Nice summary here.
It is such a typical story of spectacular rise and fall seen in so many businesses. Usually you see such decline across generations when gains made by first generation are squandered by subsequent ones living lavishly. That it happened in one generation is a testimony of how lavish the whole thing was.
Not very long ago, the protagonist was both darling of corporate world and the media. Now all things have turned just the opposite.
Infact, this is a very interesting question of business history. Why certain business which start as family affairs last generations whereas others just fritter away after showing some promise (in this case just one generation perhaps). I think somewhere down the line it is this family code written somewhere of not taking things for granted and live as simple as possible. Stay away from all kinds of publicity and flash.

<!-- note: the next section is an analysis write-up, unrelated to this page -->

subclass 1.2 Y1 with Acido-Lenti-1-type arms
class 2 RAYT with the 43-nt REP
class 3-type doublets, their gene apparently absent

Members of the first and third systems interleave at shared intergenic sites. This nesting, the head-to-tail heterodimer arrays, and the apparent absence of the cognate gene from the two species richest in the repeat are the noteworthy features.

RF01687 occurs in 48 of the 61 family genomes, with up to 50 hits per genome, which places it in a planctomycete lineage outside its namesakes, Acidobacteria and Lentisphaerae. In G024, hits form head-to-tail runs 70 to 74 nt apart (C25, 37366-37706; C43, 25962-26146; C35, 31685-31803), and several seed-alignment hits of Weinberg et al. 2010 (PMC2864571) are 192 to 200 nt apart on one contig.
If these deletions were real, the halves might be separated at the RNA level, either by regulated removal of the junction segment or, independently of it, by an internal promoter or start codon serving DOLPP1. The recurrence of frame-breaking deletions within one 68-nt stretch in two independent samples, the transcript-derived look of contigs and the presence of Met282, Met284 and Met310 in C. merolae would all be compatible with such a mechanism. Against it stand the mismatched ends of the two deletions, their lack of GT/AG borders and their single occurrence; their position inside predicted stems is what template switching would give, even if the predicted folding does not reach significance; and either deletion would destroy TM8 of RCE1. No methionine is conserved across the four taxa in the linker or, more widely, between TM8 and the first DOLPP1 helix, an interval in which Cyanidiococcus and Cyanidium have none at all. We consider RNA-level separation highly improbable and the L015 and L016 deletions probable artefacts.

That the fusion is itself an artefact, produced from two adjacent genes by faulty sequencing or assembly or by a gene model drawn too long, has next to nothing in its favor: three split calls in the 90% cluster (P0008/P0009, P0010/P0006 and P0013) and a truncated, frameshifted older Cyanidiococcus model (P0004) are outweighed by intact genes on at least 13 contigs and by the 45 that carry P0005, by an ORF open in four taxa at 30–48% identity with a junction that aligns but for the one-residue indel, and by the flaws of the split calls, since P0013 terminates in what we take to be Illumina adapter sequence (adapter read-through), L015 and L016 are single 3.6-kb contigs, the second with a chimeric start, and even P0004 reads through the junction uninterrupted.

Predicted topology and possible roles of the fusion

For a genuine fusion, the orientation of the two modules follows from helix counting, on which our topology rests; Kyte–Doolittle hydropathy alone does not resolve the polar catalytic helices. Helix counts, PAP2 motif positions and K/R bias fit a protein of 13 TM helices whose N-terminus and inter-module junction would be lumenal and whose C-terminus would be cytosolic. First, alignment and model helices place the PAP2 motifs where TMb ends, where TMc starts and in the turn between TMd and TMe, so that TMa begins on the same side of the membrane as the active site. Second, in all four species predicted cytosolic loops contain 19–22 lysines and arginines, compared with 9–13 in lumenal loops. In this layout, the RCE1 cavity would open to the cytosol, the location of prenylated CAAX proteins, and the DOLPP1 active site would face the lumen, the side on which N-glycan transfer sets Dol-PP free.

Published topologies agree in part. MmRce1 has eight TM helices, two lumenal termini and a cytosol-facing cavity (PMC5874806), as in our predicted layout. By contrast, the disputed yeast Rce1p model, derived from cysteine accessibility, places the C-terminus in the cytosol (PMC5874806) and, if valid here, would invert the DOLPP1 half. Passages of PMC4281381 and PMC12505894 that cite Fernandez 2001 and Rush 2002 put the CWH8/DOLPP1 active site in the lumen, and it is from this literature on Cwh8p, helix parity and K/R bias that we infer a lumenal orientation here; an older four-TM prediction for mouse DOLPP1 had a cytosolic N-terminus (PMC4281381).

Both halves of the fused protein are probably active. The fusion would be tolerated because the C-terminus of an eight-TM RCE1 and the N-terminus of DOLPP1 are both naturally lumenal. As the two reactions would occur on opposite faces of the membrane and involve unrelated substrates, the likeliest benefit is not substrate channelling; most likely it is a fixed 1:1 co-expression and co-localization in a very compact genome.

Every business has ups and downs. In a down cycle it is much easier for the non flashy businesses to survive as one is away from limelight and can restructure.
In case of Mallya this option is not just available. A friend commented that there must be so many who owe more than Mallya to the banks but no one really talks about them. The one in the media becomes an easy scapegoat as people have seen riches being spent just too easily.